Phylogenetic studies of communication help us understand evolutionary changes that led to human language – a form of primate communication, extraordinarily complex in terms of its varied vocalizations. Here we describe the macro-evolutionary role of life history traits on primate vocalization systems, informing our understanding of the relationships between social complexity and primate vocal repertoire size. We reviewed the primatological literature and collected information on the vocal repertoire size, social conflict, group size, endocranial volume, and maximum longevity of 42 non-human primate species. We conducted a set of analyses to examine the role of these factors on the macroevolution of vocal repertoire size over the course of primate evolution. Overall, the results strongly suggest that the embodied capital needed to support larger vocal repertoires has been selected for among anthropoid primates, especially hominoids. Large vocal repertoires help species cope with challenges of within-group conflict and cooperation that increase where larger groups have evolved with longer lifespans. While monkeys and apes developed substantially greater vocal complexity during the Late Miocene and the Early Pliocene, human language likely did not emerge until quite late in the primate evolutionary timeline, subsequent to the evolution of early hominins.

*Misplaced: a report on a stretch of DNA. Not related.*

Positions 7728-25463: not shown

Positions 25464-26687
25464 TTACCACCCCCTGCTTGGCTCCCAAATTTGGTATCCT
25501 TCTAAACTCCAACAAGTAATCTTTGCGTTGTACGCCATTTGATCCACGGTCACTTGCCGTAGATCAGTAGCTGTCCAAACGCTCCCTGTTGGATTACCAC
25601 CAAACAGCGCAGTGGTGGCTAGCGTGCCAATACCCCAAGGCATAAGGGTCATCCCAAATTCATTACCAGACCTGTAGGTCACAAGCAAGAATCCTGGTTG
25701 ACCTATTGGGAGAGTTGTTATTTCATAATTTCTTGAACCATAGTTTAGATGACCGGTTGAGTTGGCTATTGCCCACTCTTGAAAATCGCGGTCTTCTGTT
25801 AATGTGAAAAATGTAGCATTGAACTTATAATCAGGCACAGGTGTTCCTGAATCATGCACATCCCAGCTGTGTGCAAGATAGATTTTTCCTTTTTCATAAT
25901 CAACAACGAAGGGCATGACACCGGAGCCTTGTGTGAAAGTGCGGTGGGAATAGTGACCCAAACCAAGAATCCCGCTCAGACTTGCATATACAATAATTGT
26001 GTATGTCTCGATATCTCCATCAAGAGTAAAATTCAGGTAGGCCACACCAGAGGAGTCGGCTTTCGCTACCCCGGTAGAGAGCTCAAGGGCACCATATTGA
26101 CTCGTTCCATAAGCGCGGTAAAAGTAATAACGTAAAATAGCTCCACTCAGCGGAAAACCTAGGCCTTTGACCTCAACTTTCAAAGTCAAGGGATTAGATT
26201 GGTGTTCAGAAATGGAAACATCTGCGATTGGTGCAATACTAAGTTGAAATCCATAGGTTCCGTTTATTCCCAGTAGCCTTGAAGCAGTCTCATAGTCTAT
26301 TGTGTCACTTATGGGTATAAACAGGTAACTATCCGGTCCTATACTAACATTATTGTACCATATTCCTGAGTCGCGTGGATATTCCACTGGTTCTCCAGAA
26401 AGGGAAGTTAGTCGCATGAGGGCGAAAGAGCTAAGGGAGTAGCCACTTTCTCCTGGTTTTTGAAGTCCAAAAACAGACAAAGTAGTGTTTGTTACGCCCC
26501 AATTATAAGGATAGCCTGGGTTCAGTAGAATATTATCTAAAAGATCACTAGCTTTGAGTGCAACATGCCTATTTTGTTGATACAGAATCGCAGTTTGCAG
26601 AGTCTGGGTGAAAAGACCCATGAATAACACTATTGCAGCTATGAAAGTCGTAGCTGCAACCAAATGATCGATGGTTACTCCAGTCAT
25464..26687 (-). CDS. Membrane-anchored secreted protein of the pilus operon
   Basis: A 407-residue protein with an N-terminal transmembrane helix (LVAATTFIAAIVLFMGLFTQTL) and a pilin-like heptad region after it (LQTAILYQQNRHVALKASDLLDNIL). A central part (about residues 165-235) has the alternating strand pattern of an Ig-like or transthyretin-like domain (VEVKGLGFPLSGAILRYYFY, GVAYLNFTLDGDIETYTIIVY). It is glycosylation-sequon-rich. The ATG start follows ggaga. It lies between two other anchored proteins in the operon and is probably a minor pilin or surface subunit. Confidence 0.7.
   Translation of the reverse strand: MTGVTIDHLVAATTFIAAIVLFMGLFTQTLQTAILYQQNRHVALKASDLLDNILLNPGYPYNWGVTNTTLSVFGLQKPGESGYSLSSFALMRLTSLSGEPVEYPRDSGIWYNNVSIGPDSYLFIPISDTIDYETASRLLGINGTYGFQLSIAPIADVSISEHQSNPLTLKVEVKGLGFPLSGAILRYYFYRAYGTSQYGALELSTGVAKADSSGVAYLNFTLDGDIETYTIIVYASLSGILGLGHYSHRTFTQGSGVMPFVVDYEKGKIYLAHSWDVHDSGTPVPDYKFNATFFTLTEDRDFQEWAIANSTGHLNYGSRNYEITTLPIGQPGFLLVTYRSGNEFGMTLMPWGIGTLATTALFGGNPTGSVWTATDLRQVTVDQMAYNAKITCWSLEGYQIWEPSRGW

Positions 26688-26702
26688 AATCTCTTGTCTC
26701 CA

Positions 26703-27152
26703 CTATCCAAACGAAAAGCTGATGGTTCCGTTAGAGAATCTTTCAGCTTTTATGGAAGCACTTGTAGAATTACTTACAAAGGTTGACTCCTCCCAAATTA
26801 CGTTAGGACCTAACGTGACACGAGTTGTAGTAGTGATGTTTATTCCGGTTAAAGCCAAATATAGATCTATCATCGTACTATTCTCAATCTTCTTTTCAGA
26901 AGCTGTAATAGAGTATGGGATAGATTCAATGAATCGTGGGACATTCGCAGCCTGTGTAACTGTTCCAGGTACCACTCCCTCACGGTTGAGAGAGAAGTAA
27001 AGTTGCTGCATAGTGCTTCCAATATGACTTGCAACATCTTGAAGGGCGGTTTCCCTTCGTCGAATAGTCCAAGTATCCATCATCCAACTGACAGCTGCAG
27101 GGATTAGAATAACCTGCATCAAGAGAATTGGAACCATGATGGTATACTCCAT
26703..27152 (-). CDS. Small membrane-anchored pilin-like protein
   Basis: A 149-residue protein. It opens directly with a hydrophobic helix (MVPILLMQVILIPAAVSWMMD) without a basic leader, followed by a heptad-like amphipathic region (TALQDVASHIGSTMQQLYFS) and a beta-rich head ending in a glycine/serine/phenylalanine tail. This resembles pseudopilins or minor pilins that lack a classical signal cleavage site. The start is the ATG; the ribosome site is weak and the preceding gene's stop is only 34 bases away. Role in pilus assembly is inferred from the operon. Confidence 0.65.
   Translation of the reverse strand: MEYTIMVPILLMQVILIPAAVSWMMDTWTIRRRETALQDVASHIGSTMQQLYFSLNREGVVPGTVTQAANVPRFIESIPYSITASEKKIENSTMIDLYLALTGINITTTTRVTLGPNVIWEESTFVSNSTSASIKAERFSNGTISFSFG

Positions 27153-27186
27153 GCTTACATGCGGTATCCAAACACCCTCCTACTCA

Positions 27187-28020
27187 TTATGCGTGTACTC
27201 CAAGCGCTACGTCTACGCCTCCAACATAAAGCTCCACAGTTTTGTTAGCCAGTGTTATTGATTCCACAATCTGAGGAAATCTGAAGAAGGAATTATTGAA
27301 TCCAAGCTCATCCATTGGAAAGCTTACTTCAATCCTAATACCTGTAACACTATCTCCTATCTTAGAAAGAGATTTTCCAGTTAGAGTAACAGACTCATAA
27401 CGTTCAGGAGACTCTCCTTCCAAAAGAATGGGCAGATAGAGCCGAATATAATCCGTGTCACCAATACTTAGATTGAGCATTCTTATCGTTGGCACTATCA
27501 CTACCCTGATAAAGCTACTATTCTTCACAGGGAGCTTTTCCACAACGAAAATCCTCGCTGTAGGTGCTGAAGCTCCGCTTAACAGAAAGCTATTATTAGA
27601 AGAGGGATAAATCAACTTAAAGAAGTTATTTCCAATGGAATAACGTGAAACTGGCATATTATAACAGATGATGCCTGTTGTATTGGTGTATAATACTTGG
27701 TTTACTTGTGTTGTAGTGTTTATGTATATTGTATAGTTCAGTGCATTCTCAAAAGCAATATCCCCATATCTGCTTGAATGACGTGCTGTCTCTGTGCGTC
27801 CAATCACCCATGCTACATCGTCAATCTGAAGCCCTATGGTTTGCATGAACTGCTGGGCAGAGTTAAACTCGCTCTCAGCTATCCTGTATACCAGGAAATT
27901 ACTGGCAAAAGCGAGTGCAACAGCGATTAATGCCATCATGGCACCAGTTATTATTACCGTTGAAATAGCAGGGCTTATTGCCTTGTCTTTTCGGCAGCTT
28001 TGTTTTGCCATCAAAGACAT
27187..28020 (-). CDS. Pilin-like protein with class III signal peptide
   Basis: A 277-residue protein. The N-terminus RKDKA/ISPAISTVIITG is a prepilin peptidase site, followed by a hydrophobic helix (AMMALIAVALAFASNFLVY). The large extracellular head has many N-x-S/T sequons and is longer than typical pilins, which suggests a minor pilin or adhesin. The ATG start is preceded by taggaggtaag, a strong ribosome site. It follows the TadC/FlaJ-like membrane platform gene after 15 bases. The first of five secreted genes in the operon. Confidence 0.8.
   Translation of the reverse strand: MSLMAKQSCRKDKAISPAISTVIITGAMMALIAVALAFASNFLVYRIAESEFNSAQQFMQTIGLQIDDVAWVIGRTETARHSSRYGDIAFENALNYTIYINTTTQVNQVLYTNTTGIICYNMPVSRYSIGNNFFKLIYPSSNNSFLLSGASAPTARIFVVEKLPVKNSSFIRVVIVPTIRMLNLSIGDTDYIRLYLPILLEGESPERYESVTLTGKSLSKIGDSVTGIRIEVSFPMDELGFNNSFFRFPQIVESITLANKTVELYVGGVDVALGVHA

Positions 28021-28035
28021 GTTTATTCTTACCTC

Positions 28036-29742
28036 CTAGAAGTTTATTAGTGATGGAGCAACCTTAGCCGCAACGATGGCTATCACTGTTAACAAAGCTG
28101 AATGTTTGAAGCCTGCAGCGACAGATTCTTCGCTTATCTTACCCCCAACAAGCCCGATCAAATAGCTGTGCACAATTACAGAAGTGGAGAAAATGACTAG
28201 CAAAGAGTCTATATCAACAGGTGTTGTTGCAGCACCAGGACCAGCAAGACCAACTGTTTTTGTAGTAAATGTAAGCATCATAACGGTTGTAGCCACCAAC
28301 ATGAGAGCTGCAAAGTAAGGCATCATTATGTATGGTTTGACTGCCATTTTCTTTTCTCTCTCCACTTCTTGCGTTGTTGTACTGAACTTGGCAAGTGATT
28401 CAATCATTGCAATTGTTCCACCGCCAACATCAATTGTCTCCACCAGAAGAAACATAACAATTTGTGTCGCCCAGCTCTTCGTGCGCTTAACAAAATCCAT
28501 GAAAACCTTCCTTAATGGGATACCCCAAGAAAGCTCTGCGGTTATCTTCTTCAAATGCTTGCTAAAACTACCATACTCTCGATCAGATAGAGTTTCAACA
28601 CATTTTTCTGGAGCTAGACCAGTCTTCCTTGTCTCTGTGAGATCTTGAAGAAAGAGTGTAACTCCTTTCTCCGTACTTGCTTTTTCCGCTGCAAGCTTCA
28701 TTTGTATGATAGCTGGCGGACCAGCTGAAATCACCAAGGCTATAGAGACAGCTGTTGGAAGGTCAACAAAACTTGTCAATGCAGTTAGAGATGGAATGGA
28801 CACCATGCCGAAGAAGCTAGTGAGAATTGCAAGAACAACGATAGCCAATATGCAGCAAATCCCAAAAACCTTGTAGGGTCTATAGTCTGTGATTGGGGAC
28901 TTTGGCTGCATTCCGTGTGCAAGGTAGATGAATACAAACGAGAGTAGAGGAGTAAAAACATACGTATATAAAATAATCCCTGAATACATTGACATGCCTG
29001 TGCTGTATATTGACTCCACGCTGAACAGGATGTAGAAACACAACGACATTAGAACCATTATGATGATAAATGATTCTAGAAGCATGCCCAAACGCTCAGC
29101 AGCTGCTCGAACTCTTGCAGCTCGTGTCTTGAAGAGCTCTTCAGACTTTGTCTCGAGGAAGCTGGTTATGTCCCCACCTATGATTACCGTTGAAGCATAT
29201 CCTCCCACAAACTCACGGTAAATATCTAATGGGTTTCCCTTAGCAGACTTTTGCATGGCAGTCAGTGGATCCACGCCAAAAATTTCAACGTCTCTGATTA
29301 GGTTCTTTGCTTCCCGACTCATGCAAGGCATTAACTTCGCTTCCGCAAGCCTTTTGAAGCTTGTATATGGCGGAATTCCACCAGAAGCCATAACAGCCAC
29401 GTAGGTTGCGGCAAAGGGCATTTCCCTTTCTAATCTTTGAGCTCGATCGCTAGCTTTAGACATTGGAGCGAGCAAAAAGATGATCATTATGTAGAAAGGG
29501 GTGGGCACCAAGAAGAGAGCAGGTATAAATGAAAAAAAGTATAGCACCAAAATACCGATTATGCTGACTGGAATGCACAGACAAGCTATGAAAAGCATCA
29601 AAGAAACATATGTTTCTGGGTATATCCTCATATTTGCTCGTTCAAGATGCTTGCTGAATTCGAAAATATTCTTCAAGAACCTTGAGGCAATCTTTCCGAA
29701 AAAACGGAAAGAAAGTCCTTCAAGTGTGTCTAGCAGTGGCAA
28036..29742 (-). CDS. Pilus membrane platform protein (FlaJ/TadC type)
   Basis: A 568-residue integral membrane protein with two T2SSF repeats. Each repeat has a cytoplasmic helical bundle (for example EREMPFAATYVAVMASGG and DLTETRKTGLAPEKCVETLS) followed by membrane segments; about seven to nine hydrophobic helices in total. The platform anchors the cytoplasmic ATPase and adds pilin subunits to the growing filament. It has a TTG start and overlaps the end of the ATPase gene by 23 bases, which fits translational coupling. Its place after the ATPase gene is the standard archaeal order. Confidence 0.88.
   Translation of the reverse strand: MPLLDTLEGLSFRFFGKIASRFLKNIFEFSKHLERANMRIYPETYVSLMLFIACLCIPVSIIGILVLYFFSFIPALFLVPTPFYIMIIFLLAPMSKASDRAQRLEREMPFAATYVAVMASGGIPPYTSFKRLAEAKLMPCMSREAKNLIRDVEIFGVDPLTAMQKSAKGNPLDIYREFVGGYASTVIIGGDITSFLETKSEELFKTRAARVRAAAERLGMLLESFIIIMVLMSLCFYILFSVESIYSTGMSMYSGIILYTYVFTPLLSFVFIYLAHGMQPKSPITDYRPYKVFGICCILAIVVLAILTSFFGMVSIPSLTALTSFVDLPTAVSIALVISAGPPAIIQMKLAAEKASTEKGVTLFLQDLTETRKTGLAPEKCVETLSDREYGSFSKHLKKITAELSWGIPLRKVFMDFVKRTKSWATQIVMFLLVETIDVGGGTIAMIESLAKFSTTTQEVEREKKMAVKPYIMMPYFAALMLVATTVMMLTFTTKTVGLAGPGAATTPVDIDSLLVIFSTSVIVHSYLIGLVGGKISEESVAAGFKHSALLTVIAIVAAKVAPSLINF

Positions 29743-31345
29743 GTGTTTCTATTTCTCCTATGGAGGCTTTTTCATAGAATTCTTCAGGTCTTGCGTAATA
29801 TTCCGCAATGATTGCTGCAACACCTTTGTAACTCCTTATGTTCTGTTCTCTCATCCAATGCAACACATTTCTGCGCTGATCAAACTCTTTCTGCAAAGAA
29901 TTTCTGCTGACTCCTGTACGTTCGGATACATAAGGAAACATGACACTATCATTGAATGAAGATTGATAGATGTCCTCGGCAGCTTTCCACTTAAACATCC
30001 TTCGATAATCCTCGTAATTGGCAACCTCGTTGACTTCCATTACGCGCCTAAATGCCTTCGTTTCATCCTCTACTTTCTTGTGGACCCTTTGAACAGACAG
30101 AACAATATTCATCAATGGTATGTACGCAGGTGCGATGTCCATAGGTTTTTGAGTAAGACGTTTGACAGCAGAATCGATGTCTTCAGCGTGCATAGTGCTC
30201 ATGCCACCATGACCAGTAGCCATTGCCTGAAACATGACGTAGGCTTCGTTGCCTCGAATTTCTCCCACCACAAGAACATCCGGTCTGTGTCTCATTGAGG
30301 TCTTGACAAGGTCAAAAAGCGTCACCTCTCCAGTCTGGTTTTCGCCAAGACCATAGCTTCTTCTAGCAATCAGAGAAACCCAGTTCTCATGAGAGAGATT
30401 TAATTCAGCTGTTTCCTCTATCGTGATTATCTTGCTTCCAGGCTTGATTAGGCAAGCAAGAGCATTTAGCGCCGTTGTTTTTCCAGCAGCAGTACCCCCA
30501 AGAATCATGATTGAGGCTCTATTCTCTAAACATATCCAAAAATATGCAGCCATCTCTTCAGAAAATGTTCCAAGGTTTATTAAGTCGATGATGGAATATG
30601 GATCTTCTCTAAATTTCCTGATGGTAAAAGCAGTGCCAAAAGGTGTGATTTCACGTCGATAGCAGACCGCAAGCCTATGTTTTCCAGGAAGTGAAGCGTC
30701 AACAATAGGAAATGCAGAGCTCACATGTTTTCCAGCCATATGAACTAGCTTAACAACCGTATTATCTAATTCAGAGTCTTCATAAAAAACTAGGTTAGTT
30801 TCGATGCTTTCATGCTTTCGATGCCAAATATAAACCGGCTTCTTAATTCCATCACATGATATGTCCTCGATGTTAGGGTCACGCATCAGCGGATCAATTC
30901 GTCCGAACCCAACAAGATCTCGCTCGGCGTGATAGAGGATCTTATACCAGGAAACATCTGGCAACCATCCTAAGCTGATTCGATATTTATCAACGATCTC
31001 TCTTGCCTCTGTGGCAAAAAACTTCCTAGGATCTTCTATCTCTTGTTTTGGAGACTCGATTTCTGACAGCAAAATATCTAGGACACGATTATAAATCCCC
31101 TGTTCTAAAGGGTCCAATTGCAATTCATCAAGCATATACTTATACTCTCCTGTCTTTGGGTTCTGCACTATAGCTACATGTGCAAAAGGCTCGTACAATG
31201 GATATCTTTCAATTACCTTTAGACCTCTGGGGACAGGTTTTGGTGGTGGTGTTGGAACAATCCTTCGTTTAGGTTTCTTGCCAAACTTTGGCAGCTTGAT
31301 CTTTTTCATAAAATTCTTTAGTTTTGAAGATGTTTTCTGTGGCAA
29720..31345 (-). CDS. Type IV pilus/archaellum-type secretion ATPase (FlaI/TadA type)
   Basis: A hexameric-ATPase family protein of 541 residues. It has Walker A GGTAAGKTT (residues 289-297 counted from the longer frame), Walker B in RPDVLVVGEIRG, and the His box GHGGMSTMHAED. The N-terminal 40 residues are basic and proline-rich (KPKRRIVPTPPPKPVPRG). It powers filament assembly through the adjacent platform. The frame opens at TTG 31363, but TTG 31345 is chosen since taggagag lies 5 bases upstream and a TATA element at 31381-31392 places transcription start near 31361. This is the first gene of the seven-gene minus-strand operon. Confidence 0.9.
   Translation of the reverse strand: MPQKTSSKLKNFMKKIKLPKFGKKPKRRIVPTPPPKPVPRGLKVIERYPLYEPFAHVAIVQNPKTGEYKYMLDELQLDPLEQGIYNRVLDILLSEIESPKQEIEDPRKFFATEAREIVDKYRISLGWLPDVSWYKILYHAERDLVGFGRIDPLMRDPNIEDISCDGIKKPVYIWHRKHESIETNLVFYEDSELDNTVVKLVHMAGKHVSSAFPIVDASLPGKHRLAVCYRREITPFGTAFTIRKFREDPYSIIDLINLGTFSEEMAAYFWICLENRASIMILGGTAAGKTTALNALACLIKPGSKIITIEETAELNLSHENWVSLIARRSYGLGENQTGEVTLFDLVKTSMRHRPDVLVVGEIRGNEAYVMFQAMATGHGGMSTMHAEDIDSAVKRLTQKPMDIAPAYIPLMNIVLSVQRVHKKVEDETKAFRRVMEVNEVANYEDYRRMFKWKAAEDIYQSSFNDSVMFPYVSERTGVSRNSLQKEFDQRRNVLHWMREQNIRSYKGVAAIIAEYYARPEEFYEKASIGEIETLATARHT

Schniter, E., & Peñaherrera-Aguirre, M. (2023). Evolution of primate vocal repertoires: Vocalization systems as embodied capital for mediating within-group conflict. ESI Working Paper 23-16. https://digitalcommons.chapman.edu/esi_working_papers/396/